When baking, you can stand potatoes on end in muffin tins if you're baking several. Bake extra and use for hash browns the next day! Keep in mind, to preserve the abundance of nutrients in your potatoes, cook them in their skins. Steam instead of boiling, as water naturally leaches some of the nutrients from food cooked in it.

RECIPES

+ Potato Recipes

Peppers

IN SEASON - August, September, October

Sweet peppers are plump, bell-shaped vegetables featuring either three or four lobes. They usually range in size from 2 to 5 inches in diameter, and 2 to 6 inches in length. Inside the thick flesh is an inner cavity with edible bitter seeds and a white spongy core. Bell peppers are not 'hot'. They contain a recessive gene that eliminates capsaicin, the compound responsible for the 'hotness' found in other peppers. We grow green bell peppers, that if left on the plant, will turn yellow and then red. 

STORAGE TIPS

Peppers like cool not cold temperatures, ideally about 45°F to 50°F with good humidity. Peppers are ethylene sensitive, so they should not be stored near ethylene-producing food such as pears or apples. Put peppers in plastic bags and they will keep up to five days in the refrigerator. Green peppers will keep slightly longer than the other, more ripe, varieties.

CULINARY TIPS

Green peppers tend to have a green-as in unripe-flavor that many people don't care for, but the yellow, red, and orange peppers can be very sweet. When slicing large peppers, cut them open first and then slice them with the inside of the pepper facing your knife. The inside of the pepper is not slick and grabs willingly and less dangerously.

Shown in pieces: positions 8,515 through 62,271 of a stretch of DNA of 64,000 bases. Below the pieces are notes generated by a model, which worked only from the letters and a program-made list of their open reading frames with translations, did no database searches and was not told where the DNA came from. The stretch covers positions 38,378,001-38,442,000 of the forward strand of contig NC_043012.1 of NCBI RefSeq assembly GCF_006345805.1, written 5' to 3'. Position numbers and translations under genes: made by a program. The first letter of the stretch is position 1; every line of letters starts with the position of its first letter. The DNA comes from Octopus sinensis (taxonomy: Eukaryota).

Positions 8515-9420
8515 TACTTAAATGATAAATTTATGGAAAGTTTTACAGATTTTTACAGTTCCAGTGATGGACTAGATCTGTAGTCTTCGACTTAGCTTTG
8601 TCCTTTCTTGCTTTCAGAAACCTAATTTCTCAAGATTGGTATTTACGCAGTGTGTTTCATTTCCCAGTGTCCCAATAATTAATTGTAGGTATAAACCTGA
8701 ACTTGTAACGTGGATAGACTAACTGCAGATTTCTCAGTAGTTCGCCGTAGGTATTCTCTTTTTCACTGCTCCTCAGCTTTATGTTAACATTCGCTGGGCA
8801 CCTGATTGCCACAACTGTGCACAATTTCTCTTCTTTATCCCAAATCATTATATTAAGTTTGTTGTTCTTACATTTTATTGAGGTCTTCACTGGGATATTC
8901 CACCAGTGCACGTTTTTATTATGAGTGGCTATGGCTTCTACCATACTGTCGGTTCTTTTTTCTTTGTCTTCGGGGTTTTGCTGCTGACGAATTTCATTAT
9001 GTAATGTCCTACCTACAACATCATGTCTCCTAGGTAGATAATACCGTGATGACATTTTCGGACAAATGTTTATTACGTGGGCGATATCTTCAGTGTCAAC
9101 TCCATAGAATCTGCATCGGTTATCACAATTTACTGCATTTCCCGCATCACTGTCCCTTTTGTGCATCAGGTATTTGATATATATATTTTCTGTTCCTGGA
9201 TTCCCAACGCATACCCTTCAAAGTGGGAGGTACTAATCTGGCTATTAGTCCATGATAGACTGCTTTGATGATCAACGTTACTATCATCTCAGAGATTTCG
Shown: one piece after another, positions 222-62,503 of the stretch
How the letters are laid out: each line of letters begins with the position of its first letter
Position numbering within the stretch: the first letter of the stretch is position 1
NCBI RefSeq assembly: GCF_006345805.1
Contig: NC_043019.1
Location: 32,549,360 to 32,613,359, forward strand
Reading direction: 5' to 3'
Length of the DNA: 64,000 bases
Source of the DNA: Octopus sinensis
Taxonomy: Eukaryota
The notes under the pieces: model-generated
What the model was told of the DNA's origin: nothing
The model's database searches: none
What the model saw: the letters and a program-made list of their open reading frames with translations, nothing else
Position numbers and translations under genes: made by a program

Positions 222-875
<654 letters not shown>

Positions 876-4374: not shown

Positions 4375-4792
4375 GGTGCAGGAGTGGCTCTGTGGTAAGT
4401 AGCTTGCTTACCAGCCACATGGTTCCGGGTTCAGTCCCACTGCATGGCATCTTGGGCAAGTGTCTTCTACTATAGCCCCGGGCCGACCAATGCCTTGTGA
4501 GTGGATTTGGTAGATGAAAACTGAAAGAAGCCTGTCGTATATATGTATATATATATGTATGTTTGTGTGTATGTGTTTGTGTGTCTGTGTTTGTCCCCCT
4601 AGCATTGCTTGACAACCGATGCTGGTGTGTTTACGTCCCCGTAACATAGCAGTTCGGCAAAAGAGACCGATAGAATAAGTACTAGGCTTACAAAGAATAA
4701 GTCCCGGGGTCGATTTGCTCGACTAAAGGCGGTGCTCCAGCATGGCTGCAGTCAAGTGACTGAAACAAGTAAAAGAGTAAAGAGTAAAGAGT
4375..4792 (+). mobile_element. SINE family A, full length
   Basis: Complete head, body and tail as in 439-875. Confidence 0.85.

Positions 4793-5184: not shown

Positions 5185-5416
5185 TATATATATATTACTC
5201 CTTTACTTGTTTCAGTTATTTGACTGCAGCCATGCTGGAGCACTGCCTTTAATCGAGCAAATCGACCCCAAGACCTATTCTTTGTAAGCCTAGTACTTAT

RECIPES

+ Sweet Pepper Recipes

Parsnip

IN SEASON - November

The parsnip (Pastinaca sativa) is a root vegetable related to the carrot. Parsnips resemble carrots, but are paler than most of them and have a stronger flavor. Like carrots, parsnips are native to Eurasia and have been eaten there since ancient times. 

STORAGE TIPS

Trim off any green tops and refrigerate the roots for up to three weeks., storing in a perforated plastic bag to retain moisture. 

CULINARY TIPS

Most of the flavor in parsnips is right below the skin so rather than peel too much of the outer layer , you can just give them a good scrubbing.  You can roast, bake, broil, mash them or even puree them into a soup. Small, tender parsnips may be peeled and grated raw into salads.

RECIPES

Coming soon.

Photo: Johnny's Selected Seeds

Photo: Johnny's Selected Seeds

Onions

IN SEASON - July, August, September, October